Vomiting in dogs and cats
What is vomiting in dogs and cats?
Vomiting is the forceful ejection of the stomach and upper intestine contents that smells sour and contains partially digested foods and yellow bile.
Puppies have a tendency to vomit more often than older dogs and may suffer from episodes of vomiting. This may be related to all the strange things they tend to ingest or they may have parasites.
While most dogs or cats will vomit on occasion, as long as they continue to have regular bowel motions then it should not be a major cause for concern. It the vomiting is severe or ongoing then it’s time to consult the vet.
Cost of vomiting treatment for dogs and cats
Vomiting was a common health issue experienced by dogs and cats in 2022, according to PetSure claims data.
Claims data for vomiting
Average cost of treatment
Highest cost of treatment
Because it is difficult to predict the costs of veterinary care, it can help to have measures in place to help prepare for the unexpected. Pet insurance can help by covering a portion of the eligible vet bill if the unexpected does happen.
Get a quote for 2 months free pet insurance for your puppy or kitten in their first year.
Causes of vomiting in dogs and cats
Dogs and cats vomit for a wide variety of reasons. Sometimes they may have eaten something that didn’t agree with them or they may have eaten too fast. In other circumstances the animal may have ingested a toxic substance or may require immediate treatment.
Vomiting may also be disease-related and associated with illnesses like inflammatory bowel disease, paralysis tick, gastro-intestinal parasitism, liver disease, kidney disease, cardiac disease or diabetes.
Symptoms of vomiting in dogs and cats
Usually you will notice that your pet is about to vomit because they may wander around, then stop, become rigid and make a retching noise. You might see your pet’s stomach area contracting and expanding and their throat straining. The dog or cat will then usually vomit, sometimes more than once.
There are a number of symptoms that indicate you should take your pet to the vet. These include:
- Vomiting that won’t stop even though the dog or cat has nothing left in their stomach, and/or they are vomiting yellow bile.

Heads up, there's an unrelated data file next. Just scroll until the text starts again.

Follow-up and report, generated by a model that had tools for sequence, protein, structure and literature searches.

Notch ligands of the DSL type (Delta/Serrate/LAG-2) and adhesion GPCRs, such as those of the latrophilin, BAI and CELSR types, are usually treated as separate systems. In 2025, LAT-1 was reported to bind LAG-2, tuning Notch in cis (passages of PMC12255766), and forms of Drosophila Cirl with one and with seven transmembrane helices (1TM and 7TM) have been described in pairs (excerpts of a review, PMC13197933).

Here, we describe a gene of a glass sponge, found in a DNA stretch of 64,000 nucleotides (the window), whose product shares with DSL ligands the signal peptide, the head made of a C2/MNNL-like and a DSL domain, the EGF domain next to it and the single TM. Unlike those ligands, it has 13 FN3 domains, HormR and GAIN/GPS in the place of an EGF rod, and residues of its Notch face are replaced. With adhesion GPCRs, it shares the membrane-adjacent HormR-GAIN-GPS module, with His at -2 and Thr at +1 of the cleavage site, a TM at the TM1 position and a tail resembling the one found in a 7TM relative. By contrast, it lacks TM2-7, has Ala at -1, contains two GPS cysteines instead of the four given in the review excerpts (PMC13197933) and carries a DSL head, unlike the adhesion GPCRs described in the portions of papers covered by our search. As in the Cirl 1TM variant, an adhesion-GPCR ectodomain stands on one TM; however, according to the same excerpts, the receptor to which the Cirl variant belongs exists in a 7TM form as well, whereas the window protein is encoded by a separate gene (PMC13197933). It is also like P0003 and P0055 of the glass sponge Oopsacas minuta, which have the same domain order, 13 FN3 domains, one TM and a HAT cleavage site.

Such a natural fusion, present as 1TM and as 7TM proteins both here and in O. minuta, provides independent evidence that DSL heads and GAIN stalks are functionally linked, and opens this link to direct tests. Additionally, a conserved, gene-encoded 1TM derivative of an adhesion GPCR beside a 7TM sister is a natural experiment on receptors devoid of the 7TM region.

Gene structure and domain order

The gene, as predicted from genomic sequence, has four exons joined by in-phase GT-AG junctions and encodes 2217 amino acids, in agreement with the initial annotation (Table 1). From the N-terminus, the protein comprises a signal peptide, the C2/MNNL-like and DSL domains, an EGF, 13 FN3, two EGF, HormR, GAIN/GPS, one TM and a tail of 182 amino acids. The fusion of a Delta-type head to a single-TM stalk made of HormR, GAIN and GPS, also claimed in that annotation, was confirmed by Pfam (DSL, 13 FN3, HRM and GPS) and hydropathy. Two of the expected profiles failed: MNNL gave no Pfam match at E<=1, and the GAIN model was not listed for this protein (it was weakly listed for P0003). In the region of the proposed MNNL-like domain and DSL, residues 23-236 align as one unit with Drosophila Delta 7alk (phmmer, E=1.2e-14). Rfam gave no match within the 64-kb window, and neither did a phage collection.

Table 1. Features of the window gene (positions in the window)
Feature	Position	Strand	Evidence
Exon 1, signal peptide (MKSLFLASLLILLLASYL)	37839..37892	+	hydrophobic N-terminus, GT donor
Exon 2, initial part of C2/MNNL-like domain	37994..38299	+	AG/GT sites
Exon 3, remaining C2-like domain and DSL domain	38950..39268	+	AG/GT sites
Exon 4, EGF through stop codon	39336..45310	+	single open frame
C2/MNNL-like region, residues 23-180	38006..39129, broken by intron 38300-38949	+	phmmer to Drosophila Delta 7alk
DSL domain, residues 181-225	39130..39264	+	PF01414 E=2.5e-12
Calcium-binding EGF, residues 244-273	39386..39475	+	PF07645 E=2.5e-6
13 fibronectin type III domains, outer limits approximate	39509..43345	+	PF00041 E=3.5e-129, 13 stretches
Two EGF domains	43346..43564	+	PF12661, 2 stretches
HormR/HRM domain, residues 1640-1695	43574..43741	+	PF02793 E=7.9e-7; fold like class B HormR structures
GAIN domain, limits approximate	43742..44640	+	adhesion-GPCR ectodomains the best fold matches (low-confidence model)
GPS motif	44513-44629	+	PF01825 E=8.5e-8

- The animal is showing signs they are in pain or distress and that includes heavy panting.
- The animal appears particularly weak or lethargic.
- They have blood in their vomit or stool.
- There is the possiblity of them becoming dehydrated due to excessive vomiting.
Unsure how serious it is?
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Diagnosis of vomiting in dogs and cats
If things appear serious then a trip to the vet will usually result in a physical examination to determine the possible causes of the vomiting.
The vet will check to determine whether there is abdominal pain and they will also take your pets temperature to determine whether it is high. They will also check for abnormal masses in the abdomen.
The vet may check your pet’s mouth just in case there is a foreign object like string extending into the stomach or small intestine.
A blood test and/or x-ray or ultrasound may also be required to determine the cause of the problem. There are a number of diseases where vomiting is related on underlying issue and these include pancreatitis, kidney failure, a uterine infection, Addison’s disease and thyroid problems.
Treatment of vomiting in dogs and cats
There are a number of steps that you can take to help your dog or cat recover and make them more comfortable.
- Your vet may advise you to withhold food for a few hours and after that time introduce bland food back into your dog or cat’s diet. Introduced foods could include rice, skinless chicken or boiled potatoes.
- You should also make sure that water is freely available to ensure that the animal does not become dehydrated. Signs of dehydration include dry gums and mouth, sunken eyes and tented skin.
- Once things settle down a bit you can gradually increase the amount of bland food that you are feeding your pet until they are on the road to recovery, this can be up to several days.
Prevention of vomiting in dogs and cats
- Make sure that you don’t introduce new foods too quickly as this can cause upset stomachs.
- It’s best not to suddenly change the diet of your dog or cat as the new food may not agree with them. Gradually introduce new foods to their diet.
- Puppies and particular but also older dogs will occasionally decide to eat something that really isn’t meant for dog consumption. Puppies have been known to eat string, socks, toys and other items that cause gastric or intestinal problems.
- Occasionally dogs will do what dogs do and raid the garbage bin if given the opportunity. If your dog eats something that’s rotten out of the garbage they may become ill. It’s best to make sure if you are going to leave your dog in the house that they aren’t able to access kitchen scraps and rubbish.
- It’s wise to keep an eye on your dog if you are feeding them bones as some bones may not digest and cause intestinal issues.
- More often than not, vomiting is a reaction to a minor stomach upset.
- Vomiting is not the same as regurgitation, which is the relatively effortless ejection of undigested food from the oesophagus.
- There are a number of theories related to why some dogs eat their own vomit. One relates to the fact that they were once pack animals so wolfed down the food and then went somewhere quiet and regurgitated the food to eat it in peace and security.
- It is not uncommon for dogs and cats to suffer from motion sickness, which can make car journeys very unpleasant for all involved. Your veterinarian can prescribe medication for to prevent motion sickness.
A pet insurance policy with Bow Wow Meow will help ensure you can always afford to give your pet the best treatment, whatever your budget.
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